Aces on Bridge — Daily Columns

The Aces on Bridge: Sunday, January 6th, 2019

When opener supports responder’s major suit, I know that you believe the raise can be based on either three or four trumps. Can responder ask his partner to describe his hand more precisely?

Define and Dandy, Waterbury, Conn.

A convention, called “Spiral Scan” by some, is used after opener raises responder’s major-suit response. A call of two no-trump over the raise lets opener use a four-step response; minimum with three and four trumps, respectively, maximum with three and four trump, respectively. Responder’s two-spade call over two hearts tends to show four, to help reach a 4–4 fit if opener has raised hearts with four spades and three hearts.

If you were dealt ♠ A-9-7-4-2,  J-5-2,  A-K-7, ♣ Q-2, and heard your partner open one no-trump, would you merely drive to game, or would you invite slam? (As the cards lie, my partner had king-queen-third of spades and a 16-count, but he had all the missing controls bar the club ace, and we had 12 top tricks).

Underdone, Memphis, Tenn.

I would simply transfer to spades and then bid three no-trump, not considering slam unless my partner broke the transfer at his first turn. But if, over my jump to three no-trump, my partner made a call other than four spades, it should show a maximum with three trumps. Then I’d probably up and bid slam.

Please explain how leading third-and-fifth or third-and-low works — as opposed to fourth highest. What are the main differences, and which would you recommend I play?

Spot Belly, Staten Island, N.Y.

Leading fourth-highest, but also lowest from three, may make those two holdings hard to differentiate. By contrast, leading a high spot card from two or four cards, but lowest from three or five, means that any ambiguity should be between holdings that are two cards apart. This makes confusion rather less likely, so an experienced partnership might consider moving on from fourth highest.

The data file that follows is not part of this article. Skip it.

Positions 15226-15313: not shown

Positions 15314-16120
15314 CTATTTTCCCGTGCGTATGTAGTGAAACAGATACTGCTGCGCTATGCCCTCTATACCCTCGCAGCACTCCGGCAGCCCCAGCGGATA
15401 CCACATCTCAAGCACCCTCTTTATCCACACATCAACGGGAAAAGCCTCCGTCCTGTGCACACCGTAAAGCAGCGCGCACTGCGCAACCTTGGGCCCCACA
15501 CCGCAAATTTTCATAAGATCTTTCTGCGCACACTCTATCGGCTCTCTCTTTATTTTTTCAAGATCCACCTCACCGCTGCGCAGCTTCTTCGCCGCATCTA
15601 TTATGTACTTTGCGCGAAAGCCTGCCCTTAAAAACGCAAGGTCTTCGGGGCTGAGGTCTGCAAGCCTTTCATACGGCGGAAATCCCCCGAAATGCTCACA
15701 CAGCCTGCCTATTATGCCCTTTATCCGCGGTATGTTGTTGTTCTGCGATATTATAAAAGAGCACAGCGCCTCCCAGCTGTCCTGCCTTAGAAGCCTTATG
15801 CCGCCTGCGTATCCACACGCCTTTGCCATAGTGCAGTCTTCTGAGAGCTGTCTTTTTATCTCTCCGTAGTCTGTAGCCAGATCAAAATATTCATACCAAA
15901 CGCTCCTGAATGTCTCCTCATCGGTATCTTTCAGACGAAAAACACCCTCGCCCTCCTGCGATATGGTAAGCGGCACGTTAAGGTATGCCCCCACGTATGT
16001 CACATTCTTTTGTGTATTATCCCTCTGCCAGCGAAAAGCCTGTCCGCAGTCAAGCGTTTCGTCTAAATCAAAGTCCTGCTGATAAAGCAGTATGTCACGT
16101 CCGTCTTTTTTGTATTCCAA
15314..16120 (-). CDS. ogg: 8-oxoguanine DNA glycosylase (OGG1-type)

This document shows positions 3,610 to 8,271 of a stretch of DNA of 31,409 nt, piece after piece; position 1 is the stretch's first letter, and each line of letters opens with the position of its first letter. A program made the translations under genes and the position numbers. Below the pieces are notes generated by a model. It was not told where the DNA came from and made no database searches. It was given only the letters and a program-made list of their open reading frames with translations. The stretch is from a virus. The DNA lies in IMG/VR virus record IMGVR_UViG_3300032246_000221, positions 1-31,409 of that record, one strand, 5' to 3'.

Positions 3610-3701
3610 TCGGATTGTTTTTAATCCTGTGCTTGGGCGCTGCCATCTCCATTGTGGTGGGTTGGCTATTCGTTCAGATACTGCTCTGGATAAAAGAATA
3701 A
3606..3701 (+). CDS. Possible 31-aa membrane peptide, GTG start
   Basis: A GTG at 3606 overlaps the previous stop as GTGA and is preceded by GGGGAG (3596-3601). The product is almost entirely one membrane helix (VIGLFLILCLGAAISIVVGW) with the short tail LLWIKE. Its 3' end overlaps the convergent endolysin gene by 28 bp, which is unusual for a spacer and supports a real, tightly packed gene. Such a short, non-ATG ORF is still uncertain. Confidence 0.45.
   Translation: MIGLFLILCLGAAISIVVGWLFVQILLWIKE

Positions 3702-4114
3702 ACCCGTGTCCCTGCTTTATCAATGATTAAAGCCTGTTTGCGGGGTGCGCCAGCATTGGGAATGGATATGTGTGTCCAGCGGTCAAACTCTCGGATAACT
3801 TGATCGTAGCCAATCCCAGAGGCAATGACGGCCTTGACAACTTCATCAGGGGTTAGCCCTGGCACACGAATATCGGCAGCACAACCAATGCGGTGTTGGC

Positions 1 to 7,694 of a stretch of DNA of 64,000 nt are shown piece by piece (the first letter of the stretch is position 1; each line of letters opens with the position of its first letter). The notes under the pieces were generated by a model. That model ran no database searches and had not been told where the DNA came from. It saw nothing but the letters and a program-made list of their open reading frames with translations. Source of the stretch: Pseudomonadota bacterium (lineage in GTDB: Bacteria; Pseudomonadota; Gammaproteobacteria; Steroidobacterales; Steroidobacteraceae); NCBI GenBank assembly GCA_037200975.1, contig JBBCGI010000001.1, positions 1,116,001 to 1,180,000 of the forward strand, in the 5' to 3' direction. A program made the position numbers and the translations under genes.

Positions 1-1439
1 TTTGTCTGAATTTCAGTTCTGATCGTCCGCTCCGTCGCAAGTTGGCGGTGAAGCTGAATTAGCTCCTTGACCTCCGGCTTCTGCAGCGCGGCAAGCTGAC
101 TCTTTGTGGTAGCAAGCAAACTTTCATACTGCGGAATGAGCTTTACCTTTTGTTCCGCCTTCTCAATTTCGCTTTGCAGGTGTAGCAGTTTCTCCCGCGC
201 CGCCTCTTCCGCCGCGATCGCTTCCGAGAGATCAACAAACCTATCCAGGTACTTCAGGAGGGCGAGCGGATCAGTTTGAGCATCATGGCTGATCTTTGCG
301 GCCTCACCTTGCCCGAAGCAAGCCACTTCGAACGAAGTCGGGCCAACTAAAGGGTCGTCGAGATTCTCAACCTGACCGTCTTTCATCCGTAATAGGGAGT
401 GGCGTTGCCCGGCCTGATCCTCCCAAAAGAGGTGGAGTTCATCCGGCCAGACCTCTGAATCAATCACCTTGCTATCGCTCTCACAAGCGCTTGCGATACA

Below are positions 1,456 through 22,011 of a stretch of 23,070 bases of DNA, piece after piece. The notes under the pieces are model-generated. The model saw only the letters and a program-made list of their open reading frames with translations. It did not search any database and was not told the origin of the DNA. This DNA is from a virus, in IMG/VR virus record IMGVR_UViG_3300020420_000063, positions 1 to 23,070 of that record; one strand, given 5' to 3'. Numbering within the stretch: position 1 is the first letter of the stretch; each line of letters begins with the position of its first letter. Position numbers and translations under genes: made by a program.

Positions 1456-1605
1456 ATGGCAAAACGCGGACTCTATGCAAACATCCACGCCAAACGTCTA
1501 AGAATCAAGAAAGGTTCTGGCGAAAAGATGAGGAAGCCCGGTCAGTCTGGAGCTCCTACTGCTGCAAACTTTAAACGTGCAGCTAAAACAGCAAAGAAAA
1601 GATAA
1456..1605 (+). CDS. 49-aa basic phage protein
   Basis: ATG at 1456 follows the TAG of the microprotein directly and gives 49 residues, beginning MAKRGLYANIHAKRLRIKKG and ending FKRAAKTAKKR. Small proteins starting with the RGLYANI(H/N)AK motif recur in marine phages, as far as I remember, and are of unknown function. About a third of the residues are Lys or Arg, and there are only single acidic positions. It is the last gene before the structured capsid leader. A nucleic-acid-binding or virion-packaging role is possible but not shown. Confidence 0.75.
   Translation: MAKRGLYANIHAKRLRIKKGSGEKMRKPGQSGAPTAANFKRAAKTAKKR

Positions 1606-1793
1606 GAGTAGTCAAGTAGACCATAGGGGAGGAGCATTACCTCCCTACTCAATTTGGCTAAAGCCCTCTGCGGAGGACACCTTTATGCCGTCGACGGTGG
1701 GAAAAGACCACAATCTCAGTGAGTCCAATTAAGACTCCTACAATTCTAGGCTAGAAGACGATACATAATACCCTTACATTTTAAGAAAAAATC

If you were in fourth seat with ♠ J,  Q-10-6,  K-Q-10-6-4-2, ♣ K-3-2, would you use Pierson points (spades plus high-card points) to determine whether to open the bidding? Would the vulnerability affect that decision?

Keeping the Peace, Fort Worth, Texas

Playing pairs, I tend to open my balanced 11-12 point hands when vulnerable (even when relatively short in spades, a criterion others take seriously). Partner tends to have the hand closest to an opener in such circumstances. But this collection is an unbalanced hand with very little in the majors and no aces. I don’t expect the opponents to be able to make game — but it wouldn’t completely surprise me. I’d pass and apologize if I were wrong; but if I did open, it would be with a call of three diamonds.

Holding ♠ A-J-3-2,  Q-4-2,  K-Q-4, ♣ K-10-2, I assume you would open one no-trump in an uncontested auction. But what would you do if your right-hand opponent opened the bidding? When would you pass, when would you double, and when would you overcall one no-trump?

Call My Bluff, Willoughby, Ohio

I would open one no-trump happily enough, and I would overcall one no-trump over the opening bid of a minor or one spade, but I would double one heart. Having said that, if my partner were a passed hand and I heard a minor suit to my left, I might double and take the low road. I would never pass with this hand.

For details of Bobby Wolff’s autobiography, The Lone Wolff, contact If you would like to contact Bobby Wolff, please leave a comment at this blog.
Reproduced with permission of United Feature Syndicate, Inc., Copyright 2019. If you are interested in reprinting The Aces on Bridge column, contact


Iain ClimieJanuary 21st, 2019 at 12:01 pm

Hi Bobby,

I looked up “Spiral Scan” and there are other applications e.g. the slam bidding approach developed by George Rosenkranz. All interesting stuff.

Monday morning -it is appears to be occurring again with updating the website – I thought it was just people who were the worse for wear on a Monday morning. Thanks for your efforts to kick things along, though.



Iain ClimieJanuary 21st, 2019 at 1:26 pm

That was “-itis”, the site was trying to help!

Bobby WolffJanuary 21st, 2019 at 2:07 pm

Hi Iain,

Thanks for your continued wholehearted support for at least attempting to make AOB, the best bridge site it can be.

While “Spiral Scan” is a relatively easy way to clarify between three and four card immediate support for partner’s major suit, together with value evaluation, greatly helping partner to determine the strain (usually a major suit with an eight card fit or 3NT with only seven but with all the other suits as least singularly stopped) as the chosen game,